The most common cause of COPD in the developed world is exposure to tobacco smoke. Data have shown that, over time, 50% of chronic smokers develop COPD.[6][31]​ The development of COPD is a complex process that is not completely understood. Inflammation, oxidant-antioxidant imbalance, protease-antiprotease imbalance, and several additional processes including recurrent infection, immunosenescence, autoimmunity, altered tissue healing, and other mechanisms are all implicated in the pathogenesis of COPD. While tobacco smoking is a well-recognized cause of COPD, the risk for developing COPD may also depend on sex, genetic and socioeconomic factors, as well as exposures to dusts, chemicals, and pollutants, early childhood tobacco smoke exposure, severe respiratory infection, and failure to reach optimal lung growth by early adulthood.[1][32][33]

Development of COPD likely occurs as a result of the complex interaction between host, genetic, epigenetic, and environmental risk factors over the course of life.[34]

Acute exacerbations of COPD occur intermittently throughout the course of the disease over the patient’s lifetime. Exacerbations vary in severity and are thought to be triggered primarily by infections (both viral and bacterial) and airborne pollutants.[35] In approximately one third of COPD exacerbations, no clear cause can be identified. A careful search for other causes of respiratory decompensation (e.g., congestive heart failure or pulmonary embolus) should be considered in such patients.[5][6]

During an episode, decreases in the FEV1, forced vital capacity (FVC), and peak expiratory flow (PEF) may be identified and are due at least in part to airway inflammation.[10][35][36] However, exacerbations are diagnosed primarily by the identification of typical signs and symptoms rather than by spirometry.[37]

Whereas previously, bacterial infections were thought to be the predominant cause of COPD exacerbations, use of newer molecular techniques has demonstrated the importance of viral infections as triggers.[38] It has been estimated that respiratory viruses are responsible for 22% to 64% of acute exacerbations.[38][39] The most common bacterial pathogens include Haemophilus influenzae, Streptococcus pneumoniae, and Moraxella catarrhalis.[35][40] Atypical bacterial pathogens, such as Mycoplasma and Chlamydia pneumoniae, are also thought to trigger exacerbations, as are respiratory viruses such as rhinovirus, influenza, respiratory syncytial virus, parainfluenza virus, and human metapneumovirus.[38][39][41][42][43][44] The severity of baseline lung function impairment influences the profile of pathogens most likely to be present.[40]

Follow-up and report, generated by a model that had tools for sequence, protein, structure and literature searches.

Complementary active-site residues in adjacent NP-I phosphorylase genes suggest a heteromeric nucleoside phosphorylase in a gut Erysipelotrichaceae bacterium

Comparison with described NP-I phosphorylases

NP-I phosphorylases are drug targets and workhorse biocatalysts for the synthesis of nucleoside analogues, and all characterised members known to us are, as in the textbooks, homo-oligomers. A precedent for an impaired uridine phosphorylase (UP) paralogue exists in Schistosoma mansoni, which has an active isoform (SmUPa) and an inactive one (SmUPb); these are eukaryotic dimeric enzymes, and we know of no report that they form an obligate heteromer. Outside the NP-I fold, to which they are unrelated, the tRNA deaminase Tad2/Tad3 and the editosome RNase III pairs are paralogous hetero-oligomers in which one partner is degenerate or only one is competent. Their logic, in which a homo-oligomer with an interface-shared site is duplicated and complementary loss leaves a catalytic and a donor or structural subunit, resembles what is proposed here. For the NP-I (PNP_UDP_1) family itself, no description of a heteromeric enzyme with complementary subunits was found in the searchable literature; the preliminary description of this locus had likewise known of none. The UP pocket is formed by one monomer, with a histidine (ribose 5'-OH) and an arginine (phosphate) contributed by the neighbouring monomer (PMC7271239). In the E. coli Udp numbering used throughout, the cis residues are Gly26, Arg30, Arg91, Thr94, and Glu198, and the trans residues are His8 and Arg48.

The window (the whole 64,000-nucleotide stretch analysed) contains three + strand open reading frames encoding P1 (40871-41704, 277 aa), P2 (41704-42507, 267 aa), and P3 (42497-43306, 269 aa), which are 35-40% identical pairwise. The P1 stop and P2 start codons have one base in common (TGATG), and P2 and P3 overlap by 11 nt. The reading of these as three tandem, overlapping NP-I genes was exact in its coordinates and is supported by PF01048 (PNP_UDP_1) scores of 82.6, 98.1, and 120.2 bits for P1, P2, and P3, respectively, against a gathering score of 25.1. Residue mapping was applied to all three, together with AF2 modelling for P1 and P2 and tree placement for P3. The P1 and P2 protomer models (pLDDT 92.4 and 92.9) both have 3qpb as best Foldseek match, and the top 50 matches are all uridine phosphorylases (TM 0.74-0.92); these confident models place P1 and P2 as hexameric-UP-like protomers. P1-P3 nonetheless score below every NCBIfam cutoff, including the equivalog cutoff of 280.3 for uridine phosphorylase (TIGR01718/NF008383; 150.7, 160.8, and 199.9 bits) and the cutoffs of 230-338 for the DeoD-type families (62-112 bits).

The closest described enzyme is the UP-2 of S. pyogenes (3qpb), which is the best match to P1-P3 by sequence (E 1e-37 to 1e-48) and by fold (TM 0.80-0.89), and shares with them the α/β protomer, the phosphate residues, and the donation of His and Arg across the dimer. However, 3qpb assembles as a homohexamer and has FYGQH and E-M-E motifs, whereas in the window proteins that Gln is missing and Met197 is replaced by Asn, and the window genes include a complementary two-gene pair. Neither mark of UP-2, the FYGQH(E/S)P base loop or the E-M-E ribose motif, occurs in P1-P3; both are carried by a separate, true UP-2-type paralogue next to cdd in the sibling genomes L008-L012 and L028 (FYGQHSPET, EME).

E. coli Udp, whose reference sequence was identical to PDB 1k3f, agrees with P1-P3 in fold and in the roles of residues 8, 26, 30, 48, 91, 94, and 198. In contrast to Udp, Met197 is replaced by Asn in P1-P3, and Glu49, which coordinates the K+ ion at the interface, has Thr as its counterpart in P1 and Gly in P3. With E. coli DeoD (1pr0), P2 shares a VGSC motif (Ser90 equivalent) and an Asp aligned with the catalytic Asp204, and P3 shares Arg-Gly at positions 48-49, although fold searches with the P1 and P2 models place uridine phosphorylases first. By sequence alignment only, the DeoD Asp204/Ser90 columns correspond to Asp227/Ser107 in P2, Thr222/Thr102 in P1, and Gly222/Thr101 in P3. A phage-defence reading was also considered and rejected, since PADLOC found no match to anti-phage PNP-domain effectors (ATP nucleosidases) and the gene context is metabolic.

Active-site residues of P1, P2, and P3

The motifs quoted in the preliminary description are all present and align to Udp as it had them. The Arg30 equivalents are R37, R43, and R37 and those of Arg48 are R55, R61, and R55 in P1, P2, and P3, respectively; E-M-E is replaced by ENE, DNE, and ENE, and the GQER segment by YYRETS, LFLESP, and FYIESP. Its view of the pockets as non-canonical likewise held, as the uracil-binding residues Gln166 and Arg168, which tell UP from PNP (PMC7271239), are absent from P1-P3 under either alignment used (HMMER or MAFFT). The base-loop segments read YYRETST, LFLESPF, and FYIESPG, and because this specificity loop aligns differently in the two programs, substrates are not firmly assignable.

Exacerbations may also be due to environmental pollutants such as smoke particulate matter, sulfur dioxide, nitrogen dioxide, and ozone, as well as exposure to other irritants, such as cleaning products, hair salon products, and other chemicals.[45][46][47][48]

GERD contributes to COPD exacerbations for some people.[18][19][20][21][22]


Smoking, or other significant exposure to smoke, environmental irritants, or pollutants, is noted in most people with COPD. Components of smoke lead to impaired integrity of the tight junctions between lung epithelial cells, stimulate inflammation, and have been shown to decrease respiratory tract mucociliary clearance, increasing the likelihood of microbial pathogens penetrating the normally sterile lower respiratory tract.[49][50][51][52]​​ The presence of microbial flora leads to antigen presentation and stimulation of the innate and then the adaptive immune response.[53] Over time, chronic irritation by smoke and the inflammatory response leads to emphysema, hypertrophy of airway mucus glands, small airway fibrosis, and a decrease in the elastic recoil of the lung.[54] The decrease in elastic recoil (due to emphysema) and/or obstruction of the small airways due to inflammation, edema, and hypersecretion of mucus leads to decreased FEV1 and FEV1/FVC.[55] Hyperinflation that results from airflow limitation is a main cause of dyspnea.[56] Unlike asthma, airflow limitation in COPD is not fully reversible with medical therapy.[57] Furthermore, while the pathogenesis of both asthma and COPD is rooted in inflammation, the specific inflammatory process differs between these disorders.[11] However, a substantial number of patients with COPD do have a component of airflow obstruction that is reversible with bronchodilator therapy.[58] Indeed, inhaled bronchodilators (beta-2-agonists and anticholinergics) are one of the primary forms of therapy for all patients with COPD, because, in addition to bronchodilation, they have also been shown to decrease dynamic hyperinflation.[59][60]